New York is one of 13 states where 96 percent of Lyme disease cases occur, and doctors and researchers urge New Yorkers to take guard against the disease. NY1's Health reporter Erin Billups filed the following report.
Ticks are a plague during the summer months.
"The ticks are nasty creatures," says Dr. Brian Fallon, a psychiatrist who heads Columbia University's Lyme and Tick-Borne Disease Research Center. "Ticks like moist, damp, shaded areas, so they tend to hang out on the edge of the woods. They tend to hang out on paths or near by paths on the bushes, so that as you brush by the grass or the bushes, the ticks will then attach to your leg."
As deer, mice and even bird populations travel, reported cases of Lyme disease have spread as well, throughout the Northeast and upper Midwest.
Fallon says there is still so much to learn from the diseases ticks carry and their impact on the human body.
"They carry not just borellia [bacteria], but about 30 percent carry another organism as well that can get transmitted into your blood stream," he says.
Once infected with Lyme, some get a rash that resembles a bull's eye. Fatigue, chills, fever, headache, muscle and joint aches are other symptoms.
If left untreated, the symptoms get more severe, including arthritis, chronic neurological complaints and other cognitive defects.
While treatment is effective for most cases identified early, antibiotic therapy may not help those suffering with lingering symptoms.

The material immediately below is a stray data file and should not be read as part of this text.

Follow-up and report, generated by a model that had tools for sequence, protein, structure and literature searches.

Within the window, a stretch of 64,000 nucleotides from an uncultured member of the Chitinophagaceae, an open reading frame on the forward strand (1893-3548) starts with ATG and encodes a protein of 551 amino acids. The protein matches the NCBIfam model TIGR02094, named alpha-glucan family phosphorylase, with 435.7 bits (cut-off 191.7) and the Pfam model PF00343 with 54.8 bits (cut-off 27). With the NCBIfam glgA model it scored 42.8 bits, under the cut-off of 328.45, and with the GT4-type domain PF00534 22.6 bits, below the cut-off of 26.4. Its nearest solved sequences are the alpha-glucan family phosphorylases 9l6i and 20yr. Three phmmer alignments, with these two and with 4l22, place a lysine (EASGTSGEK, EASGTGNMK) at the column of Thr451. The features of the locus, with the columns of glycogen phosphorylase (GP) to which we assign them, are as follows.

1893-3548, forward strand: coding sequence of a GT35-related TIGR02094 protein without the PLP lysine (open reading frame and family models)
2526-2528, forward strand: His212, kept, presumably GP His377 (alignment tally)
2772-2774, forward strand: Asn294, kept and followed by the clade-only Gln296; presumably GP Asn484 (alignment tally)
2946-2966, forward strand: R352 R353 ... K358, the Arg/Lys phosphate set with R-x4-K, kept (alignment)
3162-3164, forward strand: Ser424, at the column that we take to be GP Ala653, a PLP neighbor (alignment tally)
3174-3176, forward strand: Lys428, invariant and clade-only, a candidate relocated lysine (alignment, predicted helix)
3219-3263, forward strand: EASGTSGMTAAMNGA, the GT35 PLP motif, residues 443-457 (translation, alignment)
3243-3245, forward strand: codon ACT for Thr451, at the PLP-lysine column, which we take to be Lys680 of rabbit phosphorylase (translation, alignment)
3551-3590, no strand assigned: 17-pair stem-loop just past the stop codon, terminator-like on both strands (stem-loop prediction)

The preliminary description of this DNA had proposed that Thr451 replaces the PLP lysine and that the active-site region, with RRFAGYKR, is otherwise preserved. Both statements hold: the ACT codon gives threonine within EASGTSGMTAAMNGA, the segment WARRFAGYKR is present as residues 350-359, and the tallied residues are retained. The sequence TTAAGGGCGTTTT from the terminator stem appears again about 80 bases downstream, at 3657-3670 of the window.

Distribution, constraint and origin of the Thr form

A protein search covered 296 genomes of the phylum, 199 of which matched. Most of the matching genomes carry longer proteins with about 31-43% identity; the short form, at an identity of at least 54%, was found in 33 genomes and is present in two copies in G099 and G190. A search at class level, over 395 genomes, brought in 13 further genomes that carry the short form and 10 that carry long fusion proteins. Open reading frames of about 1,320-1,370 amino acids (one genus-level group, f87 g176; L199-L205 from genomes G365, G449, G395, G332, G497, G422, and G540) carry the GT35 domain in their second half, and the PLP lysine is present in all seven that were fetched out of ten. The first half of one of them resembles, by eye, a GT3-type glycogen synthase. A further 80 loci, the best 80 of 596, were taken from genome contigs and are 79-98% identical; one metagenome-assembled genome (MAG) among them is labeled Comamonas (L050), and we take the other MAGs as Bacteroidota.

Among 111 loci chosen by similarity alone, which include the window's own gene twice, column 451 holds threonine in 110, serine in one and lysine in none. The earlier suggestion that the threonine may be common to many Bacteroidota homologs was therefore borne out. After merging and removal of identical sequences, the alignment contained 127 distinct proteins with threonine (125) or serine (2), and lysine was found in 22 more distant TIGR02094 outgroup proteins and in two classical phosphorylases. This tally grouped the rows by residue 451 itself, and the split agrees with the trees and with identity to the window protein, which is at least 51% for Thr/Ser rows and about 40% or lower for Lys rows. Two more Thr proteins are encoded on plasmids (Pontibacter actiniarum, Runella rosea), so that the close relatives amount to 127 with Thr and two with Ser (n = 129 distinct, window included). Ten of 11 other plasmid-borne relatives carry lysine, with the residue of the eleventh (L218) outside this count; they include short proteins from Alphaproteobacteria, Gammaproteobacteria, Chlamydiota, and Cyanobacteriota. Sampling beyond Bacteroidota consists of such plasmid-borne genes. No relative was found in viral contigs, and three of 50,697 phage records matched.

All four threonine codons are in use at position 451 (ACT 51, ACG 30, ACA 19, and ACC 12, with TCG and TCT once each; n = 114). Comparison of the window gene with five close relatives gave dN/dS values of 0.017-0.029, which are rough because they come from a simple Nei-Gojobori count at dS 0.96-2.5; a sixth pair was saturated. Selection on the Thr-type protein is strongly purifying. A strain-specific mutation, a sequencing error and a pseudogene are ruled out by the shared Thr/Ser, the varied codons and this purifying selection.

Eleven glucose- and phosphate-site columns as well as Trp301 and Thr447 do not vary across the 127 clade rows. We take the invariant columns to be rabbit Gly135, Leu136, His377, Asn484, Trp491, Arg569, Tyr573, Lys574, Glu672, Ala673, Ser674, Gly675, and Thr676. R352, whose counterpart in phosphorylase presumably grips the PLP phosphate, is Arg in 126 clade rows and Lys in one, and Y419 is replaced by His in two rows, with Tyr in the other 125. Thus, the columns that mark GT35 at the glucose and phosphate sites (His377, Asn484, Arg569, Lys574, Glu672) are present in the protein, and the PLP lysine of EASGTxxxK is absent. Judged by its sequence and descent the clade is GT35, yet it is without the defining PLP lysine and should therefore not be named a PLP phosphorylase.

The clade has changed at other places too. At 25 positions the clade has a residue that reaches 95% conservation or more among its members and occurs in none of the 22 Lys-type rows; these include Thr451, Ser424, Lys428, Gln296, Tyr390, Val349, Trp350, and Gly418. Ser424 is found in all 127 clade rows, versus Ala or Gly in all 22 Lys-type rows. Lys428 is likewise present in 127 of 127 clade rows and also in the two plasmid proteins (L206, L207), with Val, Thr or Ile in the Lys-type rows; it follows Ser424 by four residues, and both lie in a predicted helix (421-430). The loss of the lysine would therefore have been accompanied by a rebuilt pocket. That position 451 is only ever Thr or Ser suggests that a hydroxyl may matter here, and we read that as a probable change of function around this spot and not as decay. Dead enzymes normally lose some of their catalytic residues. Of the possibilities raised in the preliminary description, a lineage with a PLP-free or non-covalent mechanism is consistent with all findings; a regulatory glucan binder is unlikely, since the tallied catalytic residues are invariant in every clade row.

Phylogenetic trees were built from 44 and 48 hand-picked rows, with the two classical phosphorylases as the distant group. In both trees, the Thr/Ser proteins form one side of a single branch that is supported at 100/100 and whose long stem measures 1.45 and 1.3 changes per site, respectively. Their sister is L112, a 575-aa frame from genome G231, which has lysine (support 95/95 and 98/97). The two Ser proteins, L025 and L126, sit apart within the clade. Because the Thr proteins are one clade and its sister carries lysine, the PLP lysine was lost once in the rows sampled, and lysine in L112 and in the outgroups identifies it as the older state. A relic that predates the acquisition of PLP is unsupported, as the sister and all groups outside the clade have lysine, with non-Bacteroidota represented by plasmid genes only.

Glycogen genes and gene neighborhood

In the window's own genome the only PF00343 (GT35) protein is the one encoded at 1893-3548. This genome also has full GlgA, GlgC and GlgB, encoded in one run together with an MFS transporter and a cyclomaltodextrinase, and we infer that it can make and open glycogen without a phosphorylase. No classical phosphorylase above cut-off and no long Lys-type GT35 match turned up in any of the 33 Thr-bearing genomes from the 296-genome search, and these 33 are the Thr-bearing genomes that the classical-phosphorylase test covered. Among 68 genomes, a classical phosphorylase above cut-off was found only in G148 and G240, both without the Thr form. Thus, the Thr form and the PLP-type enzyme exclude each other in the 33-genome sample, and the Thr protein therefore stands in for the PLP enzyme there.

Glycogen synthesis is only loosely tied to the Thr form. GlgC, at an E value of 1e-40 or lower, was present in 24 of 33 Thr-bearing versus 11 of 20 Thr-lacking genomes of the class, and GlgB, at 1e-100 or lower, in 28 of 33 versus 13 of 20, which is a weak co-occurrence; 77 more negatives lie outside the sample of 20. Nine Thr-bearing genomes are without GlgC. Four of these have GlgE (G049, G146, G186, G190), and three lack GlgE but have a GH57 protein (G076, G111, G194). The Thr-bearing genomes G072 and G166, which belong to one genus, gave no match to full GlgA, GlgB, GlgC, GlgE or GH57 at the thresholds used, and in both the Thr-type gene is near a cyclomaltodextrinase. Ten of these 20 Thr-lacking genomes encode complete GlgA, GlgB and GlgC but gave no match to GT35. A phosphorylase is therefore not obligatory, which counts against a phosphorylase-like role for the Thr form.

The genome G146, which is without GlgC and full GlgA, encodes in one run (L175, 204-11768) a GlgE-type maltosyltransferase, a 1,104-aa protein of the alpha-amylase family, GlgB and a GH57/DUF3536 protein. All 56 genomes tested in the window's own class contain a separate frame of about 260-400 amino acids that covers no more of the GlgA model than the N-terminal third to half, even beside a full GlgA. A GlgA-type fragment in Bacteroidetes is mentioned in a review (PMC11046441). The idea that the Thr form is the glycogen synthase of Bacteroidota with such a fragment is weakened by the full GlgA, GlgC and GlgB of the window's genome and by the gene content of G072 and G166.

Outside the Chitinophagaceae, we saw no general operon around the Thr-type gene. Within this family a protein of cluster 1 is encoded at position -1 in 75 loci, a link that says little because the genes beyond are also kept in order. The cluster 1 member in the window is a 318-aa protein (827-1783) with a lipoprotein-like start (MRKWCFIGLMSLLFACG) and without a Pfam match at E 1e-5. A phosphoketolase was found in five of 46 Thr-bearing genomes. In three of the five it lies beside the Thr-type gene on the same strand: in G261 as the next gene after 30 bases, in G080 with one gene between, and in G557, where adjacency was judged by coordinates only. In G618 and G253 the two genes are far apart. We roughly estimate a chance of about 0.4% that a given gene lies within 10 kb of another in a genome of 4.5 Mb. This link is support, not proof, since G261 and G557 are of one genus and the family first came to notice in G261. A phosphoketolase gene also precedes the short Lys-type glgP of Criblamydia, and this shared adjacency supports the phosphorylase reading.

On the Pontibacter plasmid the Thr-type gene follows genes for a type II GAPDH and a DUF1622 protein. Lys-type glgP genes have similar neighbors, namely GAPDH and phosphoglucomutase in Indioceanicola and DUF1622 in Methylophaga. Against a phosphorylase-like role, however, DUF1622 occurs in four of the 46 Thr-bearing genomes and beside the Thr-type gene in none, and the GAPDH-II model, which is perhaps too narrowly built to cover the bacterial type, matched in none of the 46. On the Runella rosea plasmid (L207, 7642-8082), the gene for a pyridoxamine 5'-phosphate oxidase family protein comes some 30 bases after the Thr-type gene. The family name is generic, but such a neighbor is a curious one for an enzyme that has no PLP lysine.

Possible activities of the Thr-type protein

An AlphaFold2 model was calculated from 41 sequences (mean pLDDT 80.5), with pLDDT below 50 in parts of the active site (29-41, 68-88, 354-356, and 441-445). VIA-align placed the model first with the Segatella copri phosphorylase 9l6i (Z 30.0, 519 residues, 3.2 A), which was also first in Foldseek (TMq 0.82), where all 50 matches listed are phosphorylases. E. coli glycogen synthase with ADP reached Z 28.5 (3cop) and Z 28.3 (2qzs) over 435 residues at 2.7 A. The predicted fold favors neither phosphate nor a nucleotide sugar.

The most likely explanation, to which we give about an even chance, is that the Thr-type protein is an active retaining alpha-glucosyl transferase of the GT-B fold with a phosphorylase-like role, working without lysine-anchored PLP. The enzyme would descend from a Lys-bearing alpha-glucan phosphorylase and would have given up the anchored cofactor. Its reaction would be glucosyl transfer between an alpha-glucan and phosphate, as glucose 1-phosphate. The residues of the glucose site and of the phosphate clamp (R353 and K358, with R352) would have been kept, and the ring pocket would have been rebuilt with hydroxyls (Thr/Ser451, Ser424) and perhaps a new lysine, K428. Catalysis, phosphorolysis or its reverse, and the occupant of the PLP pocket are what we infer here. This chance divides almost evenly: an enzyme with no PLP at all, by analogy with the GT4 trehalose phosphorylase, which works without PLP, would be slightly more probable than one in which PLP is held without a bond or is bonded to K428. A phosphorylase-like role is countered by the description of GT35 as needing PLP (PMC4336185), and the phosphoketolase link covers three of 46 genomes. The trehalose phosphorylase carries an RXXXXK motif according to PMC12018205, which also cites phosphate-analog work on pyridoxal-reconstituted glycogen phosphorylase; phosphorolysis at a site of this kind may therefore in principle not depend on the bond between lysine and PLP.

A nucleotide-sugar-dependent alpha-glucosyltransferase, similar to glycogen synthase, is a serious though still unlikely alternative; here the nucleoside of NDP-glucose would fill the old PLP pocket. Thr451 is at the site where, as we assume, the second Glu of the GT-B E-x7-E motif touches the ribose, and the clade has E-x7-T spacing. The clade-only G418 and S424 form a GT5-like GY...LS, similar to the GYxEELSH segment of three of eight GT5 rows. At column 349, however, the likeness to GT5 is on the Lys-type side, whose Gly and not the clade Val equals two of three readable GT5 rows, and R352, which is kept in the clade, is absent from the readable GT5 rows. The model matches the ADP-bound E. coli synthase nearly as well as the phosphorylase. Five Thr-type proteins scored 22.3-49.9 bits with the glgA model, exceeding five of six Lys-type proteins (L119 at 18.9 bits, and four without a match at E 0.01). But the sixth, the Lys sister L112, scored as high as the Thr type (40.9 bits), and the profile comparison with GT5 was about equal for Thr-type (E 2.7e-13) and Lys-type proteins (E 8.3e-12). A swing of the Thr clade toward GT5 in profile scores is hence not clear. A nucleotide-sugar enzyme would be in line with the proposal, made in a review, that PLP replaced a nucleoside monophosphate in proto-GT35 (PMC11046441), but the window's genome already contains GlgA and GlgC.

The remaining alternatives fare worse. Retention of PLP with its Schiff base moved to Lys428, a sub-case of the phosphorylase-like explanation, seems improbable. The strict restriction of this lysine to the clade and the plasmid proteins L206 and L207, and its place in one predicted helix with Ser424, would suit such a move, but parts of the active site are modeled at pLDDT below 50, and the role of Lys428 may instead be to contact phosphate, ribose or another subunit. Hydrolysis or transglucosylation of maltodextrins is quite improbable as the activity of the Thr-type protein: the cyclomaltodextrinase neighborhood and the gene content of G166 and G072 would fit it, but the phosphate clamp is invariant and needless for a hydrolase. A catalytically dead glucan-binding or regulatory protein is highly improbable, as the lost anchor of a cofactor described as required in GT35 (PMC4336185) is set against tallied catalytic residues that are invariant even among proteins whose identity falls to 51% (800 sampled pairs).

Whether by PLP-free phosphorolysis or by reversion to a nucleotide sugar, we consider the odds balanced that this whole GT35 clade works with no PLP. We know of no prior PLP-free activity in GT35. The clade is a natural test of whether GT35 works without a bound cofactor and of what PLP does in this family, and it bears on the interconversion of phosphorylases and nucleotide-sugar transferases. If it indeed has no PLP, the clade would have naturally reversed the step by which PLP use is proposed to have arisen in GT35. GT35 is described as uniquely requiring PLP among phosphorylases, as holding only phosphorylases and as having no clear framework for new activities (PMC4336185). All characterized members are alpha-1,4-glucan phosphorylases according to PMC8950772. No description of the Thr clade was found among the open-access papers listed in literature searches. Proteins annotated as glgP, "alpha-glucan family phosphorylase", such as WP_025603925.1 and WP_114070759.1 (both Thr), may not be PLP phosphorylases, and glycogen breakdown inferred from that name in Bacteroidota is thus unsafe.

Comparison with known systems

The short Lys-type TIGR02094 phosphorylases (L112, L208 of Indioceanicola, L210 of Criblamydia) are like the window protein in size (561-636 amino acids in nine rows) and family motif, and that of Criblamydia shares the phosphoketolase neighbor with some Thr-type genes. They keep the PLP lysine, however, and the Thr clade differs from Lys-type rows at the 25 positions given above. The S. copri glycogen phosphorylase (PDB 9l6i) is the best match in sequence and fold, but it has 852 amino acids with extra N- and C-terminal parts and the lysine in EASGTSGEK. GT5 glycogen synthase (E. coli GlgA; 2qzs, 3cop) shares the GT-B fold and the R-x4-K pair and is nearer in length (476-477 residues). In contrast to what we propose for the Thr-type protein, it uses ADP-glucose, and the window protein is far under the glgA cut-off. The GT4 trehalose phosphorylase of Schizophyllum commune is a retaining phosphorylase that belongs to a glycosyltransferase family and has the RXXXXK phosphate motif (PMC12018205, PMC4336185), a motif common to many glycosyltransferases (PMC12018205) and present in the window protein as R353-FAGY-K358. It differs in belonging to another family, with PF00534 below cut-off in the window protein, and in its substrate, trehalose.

"We need more treatment trials to try to understand and confirm what is the best treatment. This is not a simple disease and to treat it as if it is simple is a mistake," Fallon says.
According to the city Department of Health the number of confirmed cases in the five boroughs has gone down each year since 2009. Still, New Yorkers, especially those that enjoy the outdoors, should keep an eye out for those little bugs
"They go out to the Jersey Shore or they go out to Long Island, so they're going to be exposed to many areas where there are ticks. They're going to come back and then maybe a few weeks later they'll start to get symptomatic," Fallon says.
Roughly 400 New Yorkers were diagnosed with a tick-borne disease last year, with Manhattan having the highest numbers of cases. With few tick control measures in place, it is up to individuals to be vigilant.
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